Low Carbon Scotland: behaviours framework

This framework outlines what we will do to drive and support the move to low carbon living in the lead-up to the first key climate change target in 2020.

What should people be doing differently?

Individuals and households account for 70% of Scotland’s consumption emissions. These break down into four key themes:


Estimated GHG emissions for Scottish Households. 2006

Consumption vs. production emissions

Production-based emissions are the emissions we generate domestically. These have gone down in Scotland over the past couple of decades because we have become more efficient in the use of energy and because the share of manufacturing in production has decreased.

Consumption-based emissions take into account all the emissions we are responsible for as consumers of the goods and services we buy including those we import in Scotland. These emissions have not decreased to the same extent as production-based emissions despite generally improving energy efficiency across the world because we are consuming more.

The Ten Key Behaviour Areas

These four themes (home energy, transport, food and consumption of goods and services) can be split down further into Ten Key Behaviour Areas (10 KBAs), highlighting where individuals and households can really make a difference at the present time. These were identified through the Scottish Government’s Climate Change Behaviour Research Programme ( CCBRP) in 2010, and are intended to guide policymakers and other influencers on where public engagement and influencing activity is of most value. The 10 KBAs are listed in full below.

For more detailed information on the ten key behaviours, please see:

Ten Key Behaviour Areas

Ten Key Behavour Areas

Why has influencing change been difficult so far?

Attempts at influencing low carbon behaviours in recent years have had some success, but the ‘sea change’ that is required hasn’t yet been triggered, and it is clear that something more is needed. Extensive research has been undertaken to consider what elements are missing, and how efforts might be improved in future.

This research suggests that many interventions to date have sought to influence people primarily at the individual level, and have not generally allowed for the broader contexts in which people are living and working. While the individual approach can have a valuable role in certain situations, this alone is unlikely to initiate the groundswell of change that is needed.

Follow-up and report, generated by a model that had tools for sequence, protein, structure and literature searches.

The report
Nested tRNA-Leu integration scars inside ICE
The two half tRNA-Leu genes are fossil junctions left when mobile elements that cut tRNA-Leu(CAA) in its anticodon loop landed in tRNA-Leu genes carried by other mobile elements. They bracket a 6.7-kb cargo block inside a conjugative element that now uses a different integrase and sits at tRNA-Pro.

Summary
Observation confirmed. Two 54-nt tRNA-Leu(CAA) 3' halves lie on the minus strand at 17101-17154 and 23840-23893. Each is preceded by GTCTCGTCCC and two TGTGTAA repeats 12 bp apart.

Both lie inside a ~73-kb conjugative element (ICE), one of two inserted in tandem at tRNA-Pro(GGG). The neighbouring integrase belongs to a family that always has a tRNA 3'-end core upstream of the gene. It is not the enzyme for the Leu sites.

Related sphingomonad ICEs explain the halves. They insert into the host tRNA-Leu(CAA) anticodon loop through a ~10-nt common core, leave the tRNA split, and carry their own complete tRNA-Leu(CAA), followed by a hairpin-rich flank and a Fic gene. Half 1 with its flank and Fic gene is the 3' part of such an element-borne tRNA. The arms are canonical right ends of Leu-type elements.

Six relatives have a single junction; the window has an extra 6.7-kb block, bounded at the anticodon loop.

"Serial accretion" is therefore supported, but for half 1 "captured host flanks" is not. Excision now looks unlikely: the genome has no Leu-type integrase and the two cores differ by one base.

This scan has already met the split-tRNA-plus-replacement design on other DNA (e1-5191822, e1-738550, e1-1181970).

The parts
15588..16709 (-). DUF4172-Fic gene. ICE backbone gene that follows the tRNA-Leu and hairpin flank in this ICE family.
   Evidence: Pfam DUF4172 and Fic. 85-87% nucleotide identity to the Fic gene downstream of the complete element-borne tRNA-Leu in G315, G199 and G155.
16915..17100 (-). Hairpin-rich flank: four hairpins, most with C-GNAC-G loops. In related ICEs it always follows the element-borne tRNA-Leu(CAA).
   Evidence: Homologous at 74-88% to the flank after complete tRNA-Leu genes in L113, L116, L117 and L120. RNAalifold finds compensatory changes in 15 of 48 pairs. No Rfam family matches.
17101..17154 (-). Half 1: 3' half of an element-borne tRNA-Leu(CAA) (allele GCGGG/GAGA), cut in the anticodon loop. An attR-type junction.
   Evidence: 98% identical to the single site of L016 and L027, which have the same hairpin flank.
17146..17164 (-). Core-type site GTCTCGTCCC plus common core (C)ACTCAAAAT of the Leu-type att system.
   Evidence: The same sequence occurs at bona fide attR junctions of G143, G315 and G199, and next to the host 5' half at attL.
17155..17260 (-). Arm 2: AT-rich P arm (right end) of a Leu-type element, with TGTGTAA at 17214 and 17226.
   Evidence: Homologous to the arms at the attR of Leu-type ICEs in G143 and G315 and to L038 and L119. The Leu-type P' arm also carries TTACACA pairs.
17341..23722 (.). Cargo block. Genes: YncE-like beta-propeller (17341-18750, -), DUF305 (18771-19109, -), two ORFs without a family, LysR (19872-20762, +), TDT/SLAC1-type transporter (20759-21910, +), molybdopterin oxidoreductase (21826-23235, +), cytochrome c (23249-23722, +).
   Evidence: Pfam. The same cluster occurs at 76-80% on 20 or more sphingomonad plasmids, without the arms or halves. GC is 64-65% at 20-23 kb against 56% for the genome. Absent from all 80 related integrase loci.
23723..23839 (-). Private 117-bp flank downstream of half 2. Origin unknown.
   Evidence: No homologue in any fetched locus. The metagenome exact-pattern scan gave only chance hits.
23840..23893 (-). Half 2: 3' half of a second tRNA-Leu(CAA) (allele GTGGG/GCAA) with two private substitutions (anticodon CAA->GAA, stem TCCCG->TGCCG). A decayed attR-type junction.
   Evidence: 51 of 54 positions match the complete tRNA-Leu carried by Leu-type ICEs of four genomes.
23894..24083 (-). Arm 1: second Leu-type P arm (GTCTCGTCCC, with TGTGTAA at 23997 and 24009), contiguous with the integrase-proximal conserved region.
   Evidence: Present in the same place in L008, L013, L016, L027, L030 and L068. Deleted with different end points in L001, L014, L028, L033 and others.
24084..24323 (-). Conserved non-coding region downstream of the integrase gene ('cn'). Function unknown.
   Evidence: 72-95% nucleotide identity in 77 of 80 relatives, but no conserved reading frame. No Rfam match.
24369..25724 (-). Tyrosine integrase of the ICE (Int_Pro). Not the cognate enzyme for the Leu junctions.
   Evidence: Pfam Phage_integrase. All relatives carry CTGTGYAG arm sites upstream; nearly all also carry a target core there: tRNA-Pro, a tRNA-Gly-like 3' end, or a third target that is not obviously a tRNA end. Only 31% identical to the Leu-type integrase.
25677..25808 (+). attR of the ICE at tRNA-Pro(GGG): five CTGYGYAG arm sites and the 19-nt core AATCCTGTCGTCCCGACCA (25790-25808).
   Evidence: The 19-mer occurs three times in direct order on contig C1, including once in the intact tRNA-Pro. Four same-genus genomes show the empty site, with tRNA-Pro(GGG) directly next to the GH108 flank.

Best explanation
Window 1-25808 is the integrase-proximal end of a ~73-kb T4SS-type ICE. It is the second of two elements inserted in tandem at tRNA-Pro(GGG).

While previous interventions have often tackled behaviours in isolation from one another, low carbon living is about a lot more than just changing one behaviour. ‘Cherry-picking’ from the ten key behaviours is no longer an option. People must be influenced across multiple areas in order to achieve real change, and this involves creating a ‘low carbon package’ for people to take on board.

This is easier said than done. In 2008, the Scottish Environmental Attitudes and Behaviours Survey showed that almost half of people (45%) felt that recycling was the action that would most help reduce climate change. Many people believe they are ‘doing their bit’ for the environment through recycling and do not realise they need to do anything else [6] . Together, we need to build a better understanding of what ‘doing your bit’ really involves, and support more people to adopt and follow more of the ten key behaviours more often. We all have to dramatically change the way we live, work and travel as we move towards low carbon lifestyles.

"We all have to dramatically change the way we live, work and travel as we move towards low carbon lifestyles."

For more information on the drivers and barriers to behaviour change, see:
The 2011 Climate Change Behaviours Research Programme ( CCBRP) Update and the Main Findings from the CCBRP


Back to top